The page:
Sogou CEO Wang Xiaochuan sets vision on AI-powered interlingual translation

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Sogou Inc. (NYSE: SOGO) – the company that runs China’s second largest search engine – is currently a rather quiet player in the Chinese internet sector. Be that as it may, Sogou has been making progress on artificial intelligence (AI), the area on which the company has pledged to focus since its IPO in November 2017.

Recognizing the growing trend of Chinese nationals traveling abroad in the past few years, Sogou launched two hardware products in January – the Sogou Travel Translator and the Sogou Smart Translation Recorder – that provide instant text and image translations between Chinese and 16 other languages.

“The most difficult thing in the artificial intelligence sector is actually natural-language processing. Language represents human interpretations of the world. It is a combination of knowledge and reasoning,” said Sogou CEO Wang Xiaochuan at this year’s Harvard College China Forum held in Boston on April 7.

In the international market, Sogou is most often known as the world’s third most popular search engine behind Google and Baidu. Yet the company has gained more prominence domestically through the Sogou Pinyin Input, the text input software that predicts phrases in Hanyu Pinyin, a standard romanization for the Chinese language, using artificial intelligence. Sogou has become the #1 Chinese-language input provider for both desktop and mobile platforms since its launch in 2006; the penetration rates for PC and mobile devices are 98% and 70%, respectively.

Wang Xiaochuan pointed out that using existing AI technologies to solve pragmatic user demands is one of the top challenges for AI companies, but Sogou has a great edge over other AI players. “Sogou’s mission is to allow ordinary users to directly benefit from these [AI] technologies. Many Chinese startups have done a significant amount of research, but user scenarios are absent in practice. Both of Sogou’s two core products, the input method and the search engine, deal with natural language.”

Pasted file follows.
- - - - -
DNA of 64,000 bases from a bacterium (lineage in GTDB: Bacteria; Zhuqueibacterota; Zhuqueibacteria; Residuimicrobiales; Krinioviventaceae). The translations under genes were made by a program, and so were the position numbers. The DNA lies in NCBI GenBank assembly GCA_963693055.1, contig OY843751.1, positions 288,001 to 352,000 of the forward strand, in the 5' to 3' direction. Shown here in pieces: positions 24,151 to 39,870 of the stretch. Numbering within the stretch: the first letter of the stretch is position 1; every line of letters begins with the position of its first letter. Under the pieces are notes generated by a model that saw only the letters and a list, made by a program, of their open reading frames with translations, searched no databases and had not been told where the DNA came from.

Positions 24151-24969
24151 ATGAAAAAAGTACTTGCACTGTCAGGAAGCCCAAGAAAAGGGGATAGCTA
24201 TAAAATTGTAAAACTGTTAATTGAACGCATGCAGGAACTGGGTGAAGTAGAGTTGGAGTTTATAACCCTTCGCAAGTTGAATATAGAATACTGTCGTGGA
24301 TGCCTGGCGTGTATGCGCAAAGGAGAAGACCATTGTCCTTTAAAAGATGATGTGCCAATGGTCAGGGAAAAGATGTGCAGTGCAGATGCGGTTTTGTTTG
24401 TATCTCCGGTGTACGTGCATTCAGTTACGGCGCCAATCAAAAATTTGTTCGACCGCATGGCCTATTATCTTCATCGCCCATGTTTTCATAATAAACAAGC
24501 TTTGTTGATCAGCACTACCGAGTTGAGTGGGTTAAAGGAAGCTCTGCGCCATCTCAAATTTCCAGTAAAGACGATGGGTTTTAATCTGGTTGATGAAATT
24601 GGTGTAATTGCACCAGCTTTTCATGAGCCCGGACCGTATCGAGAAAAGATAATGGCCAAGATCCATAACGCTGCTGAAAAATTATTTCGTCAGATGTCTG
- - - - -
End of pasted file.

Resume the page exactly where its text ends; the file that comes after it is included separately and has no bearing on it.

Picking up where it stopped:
A Sogou-translated version of Abraham Lincoln’s “Gettysburg Address.”

Sogou debuted its real-time speech translation engine last year at the 4th World Internet Conference in Wuzhen, China. The engine can also analyze the speaker’s voice, based on which it then creates a phonetically-similar simultaneous voice-over. “The translation engine is backed by the Sogou search engine and Sogou Input,” explained Wang Xiaochuan at the Harvard College China Forum. “The accuracy of AI translation today is very close to that of human translation. While there still are some deficiencies, we should expect to see technological breakthroughs within three to five years.”

Wang envisions Sogou’s AI-based ecosystem to fit in the larger picture of China’s expansion: “Language barriers are core problems today. With Sogou Input, Chinese users can type Chinese into the Sogou search engine, which will search web contents not only in Chinese, but also in English, Japanese, and Korean. This would enable more Chinese people to communicate globally. Besides our own cultural foundations, better communication with other countries is equally pivotal for China to become a global power.”

Compared to English-speaking countries, China is more incentivized to mitigate language obstacles, Wang said. “To Google, building a translation tool is like showing off its muscles; but to us, it is a solution to existing practical problems. This was also what drove us to develop Sogou Input.”

Nevertheless, Google isn’t Sogou’s only adversary. Other Chinese internet titans, including Baidu, which was the company’s competitor in both the search engine and text input sectors, will also pose a great threat to Wang’s scheme.

(Top photo from Harvard College China Forum)

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